Post by grampalerxst on Dec 29, 2019 7:29:48 GMT -6
Hey guys, this is something I typed up to organize my thoughts and hopefully goose my enthusiasm for 2020. Dunno that my musings are of interest or benefit to anyone here, and my "resolution" list for 2020 at the end is pretty short. I'd be interested to hear what anyone willing to chime in felt they accomplished over the last year or so, and what they look forward to in 2020. I know some bits and pieces showed up in a couple of the other recent threads, but thought maybe the topic deserved its own.
Looking back two years to 2018--that wasn't a great year for guitar playing due to some stressful, emotionally difficult family things. I started getting back into it during autumn of that year, so when I think "2019" the whole last 14 months or so is included.
So, for 2019 ... Did I accomplish everything I set out to? No. Did I improve as much as had hoped. No. Am I improved over where I was in October 2018. I think it's fair to say, "Yes", to that. Did I enjoy my time with guitar-in-hand? Yes. And I guess that's the bottom line.
For 2019 I went with a narrower approach than I have at times in the past. The centerpiece of my practice regimen was the first 16 bars of Electric Gypsy. It's the kind of thing I listen to and conclude that other than the speed of a few of the notes, that it should be something I could get under my hands readily. Bahahaha to that! That short bit of music exposed a lot of flaws, which is why I've stuck with it as long as I have. The theme contains a few of those legato-y double stops and triad thingys that Hendrix was known for (AT composed the piece after reading a bio of Hendrix called, predictably, Electric Gypsy). Those have bedeviled me since the first time I tried to learn some of the phrases in Lenny. I also found the single-note legato elements to be extremely challenging. Most of it is played on the inner four strings mid-neck, and all the variation in picking required to stitch together the legato, double-stops, and triads, was an order of magnitude beyond anything I had attempted before. Then there's the turnaround lick at the end of the third repeat of the theme. Fast and slinky.
So by happenstance I picked "a hill I'm willing to die on" that posed a broad challenge physically and mentally. That's only partly excuse-making for slow progress--it really has been a difficult endeavor for me that's been a lot like Russian dolls. Becoming aware of and addressing some shortcoming tended to just reveal more shortcomings. What I've gained for the exercise (in no particular order):
-Greatly improved ability to play with my eyes closed/mentally envisioning where my hands are and what they need to do.
-Greatly improved ability to put my conscious focus on my right (picking) hand and control it's movements within those inner strings. Not only which string to hit when, but how hard/pick angle/up or down pick, etc.. In the past I always put a lot more focus on my fretting hand and just sort of let my picking hand follow along.
-Certain of the LH movements required dexterity I didn't have at all, and now I have a nascent form of it (still a work in progress).
-Related to that I discovered a shortcoming with how I used the first finger of my fretting hand. It's hard to describe but it was sort of like I used it as an axis or point of reference for locating my LH, and when it needed to move I tended to move my whole hand with it. With all the partial barres and legato I was struggling through, I had to increase its range of motion without affecting the rest of my hand, or disrupting what the other fingers were doing. Also a work in progress.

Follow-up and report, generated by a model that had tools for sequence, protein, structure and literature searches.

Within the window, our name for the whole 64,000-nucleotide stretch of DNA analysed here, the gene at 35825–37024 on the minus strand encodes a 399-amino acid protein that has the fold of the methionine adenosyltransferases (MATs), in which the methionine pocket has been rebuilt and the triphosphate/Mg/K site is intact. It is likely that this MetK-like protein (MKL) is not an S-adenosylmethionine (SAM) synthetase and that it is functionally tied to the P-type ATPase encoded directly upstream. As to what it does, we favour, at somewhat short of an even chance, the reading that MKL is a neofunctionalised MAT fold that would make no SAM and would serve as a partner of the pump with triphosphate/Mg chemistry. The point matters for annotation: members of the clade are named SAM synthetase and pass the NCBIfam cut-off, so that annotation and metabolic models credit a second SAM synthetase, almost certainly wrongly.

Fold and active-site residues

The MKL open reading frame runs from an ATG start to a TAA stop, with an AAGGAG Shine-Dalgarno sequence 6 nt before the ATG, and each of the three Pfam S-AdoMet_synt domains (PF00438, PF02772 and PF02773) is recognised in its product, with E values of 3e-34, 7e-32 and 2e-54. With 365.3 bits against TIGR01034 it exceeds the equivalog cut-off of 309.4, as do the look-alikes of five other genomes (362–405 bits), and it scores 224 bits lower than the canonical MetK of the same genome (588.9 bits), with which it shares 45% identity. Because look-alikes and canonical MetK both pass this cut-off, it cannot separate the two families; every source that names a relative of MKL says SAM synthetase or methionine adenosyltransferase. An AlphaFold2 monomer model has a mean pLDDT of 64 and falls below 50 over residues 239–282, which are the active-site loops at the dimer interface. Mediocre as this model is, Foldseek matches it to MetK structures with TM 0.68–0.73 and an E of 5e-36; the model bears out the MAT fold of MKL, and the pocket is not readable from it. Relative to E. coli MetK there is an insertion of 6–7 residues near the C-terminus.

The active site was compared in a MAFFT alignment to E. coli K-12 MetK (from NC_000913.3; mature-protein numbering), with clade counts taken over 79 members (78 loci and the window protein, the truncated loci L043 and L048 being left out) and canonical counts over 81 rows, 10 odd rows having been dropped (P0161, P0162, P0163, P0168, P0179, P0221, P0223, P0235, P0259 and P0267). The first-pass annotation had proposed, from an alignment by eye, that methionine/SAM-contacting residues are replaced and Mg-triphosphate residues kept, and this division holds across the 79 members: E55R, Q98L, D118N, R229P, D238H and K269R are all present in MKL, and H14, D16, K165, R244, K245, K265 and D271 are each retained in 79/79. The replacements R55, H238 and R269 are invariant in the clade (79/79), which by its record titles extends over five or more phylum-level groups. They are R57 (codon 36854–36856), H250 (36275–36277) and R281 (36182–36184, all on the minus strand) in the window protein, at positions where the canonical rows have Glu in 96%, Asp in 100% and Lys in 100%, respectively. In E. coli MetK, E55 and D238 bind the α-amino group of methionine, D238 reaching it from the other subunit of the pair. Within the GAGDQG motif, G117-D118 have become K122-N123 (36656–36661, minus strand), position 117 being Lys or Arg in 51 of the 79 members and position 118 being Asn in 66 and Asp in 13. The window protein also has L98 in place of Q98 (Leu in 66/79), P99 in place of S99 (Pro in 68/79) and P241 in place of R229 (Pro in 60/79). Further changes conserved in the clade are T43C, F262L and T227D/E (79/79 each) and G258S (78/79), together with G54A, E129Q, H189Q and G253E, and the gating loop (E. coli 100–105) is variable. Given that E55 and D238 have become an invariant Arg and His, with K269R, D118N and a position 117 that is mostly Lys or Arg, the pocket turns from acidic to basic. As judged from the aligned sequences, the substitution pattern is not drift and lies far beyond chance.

Those last two posed real difficulties for me. To the extent that with my mentality even a couple of years ago, I would have abandoned the effort and taken up something easier, figuring some day if I practiced enough I'd be able to make all those movements. This time I attacked them directly, and most importantly for me, stuck with it through all the knuckle-popping and benign muscle/tendon soreness.
I didn't always emphasize it in my blurbs in the weekly reviews, but up until the fall I continued to work with the early BYCU studies. This is true for EG as well, but one of the new wrinkles to 2019 was that I spent a long time playing along with recordings of the parts I was working on, usually slowed down via Tanscribe!, which I bought early in the process. The goal with that was to imitate the articulation and bend intonation of expert players, hopefully improving both my technique and my ear. Playing along with backing tracks had gotten a little stagnant.
When autumn rolled around I temporarily got enthused with the Hendrix Little Wing style playing, and started noodling around and expanding (modestly) on the few movements in that vein I'd picked up, and wound up with three little etudes (could call them "songs" but that's giving them too much credit) that I inserted into my routine that ate into BYCU time. Late in the fall I made an impulsive decision to revisit that old "prog rock" thing I started back in 2002 and shared a couple years back, and team up with my metalcore drummer (and recording/mix engineer) son-in-law to try to make it the best I can make it at this point. He's trying to set up a side business aside from his work in his dad's studio to cater to smaller "vanity"-type projects, and to be supportive I signed on as a client. That's become a daily thing as well.
Looking ahead to 2020 I probably won't change much initially. EG will still be in there, the BYCU studies will have a place. I'm going to try to get back in the habit of recording practice snapshots more frequently once the project with my SIL winds down. I'm also on the hunt for some legato exercises to help with left hand strength and dexterity. I'm having too much fun to make any big changes.So as far as resolutions I really only have one: keep at it.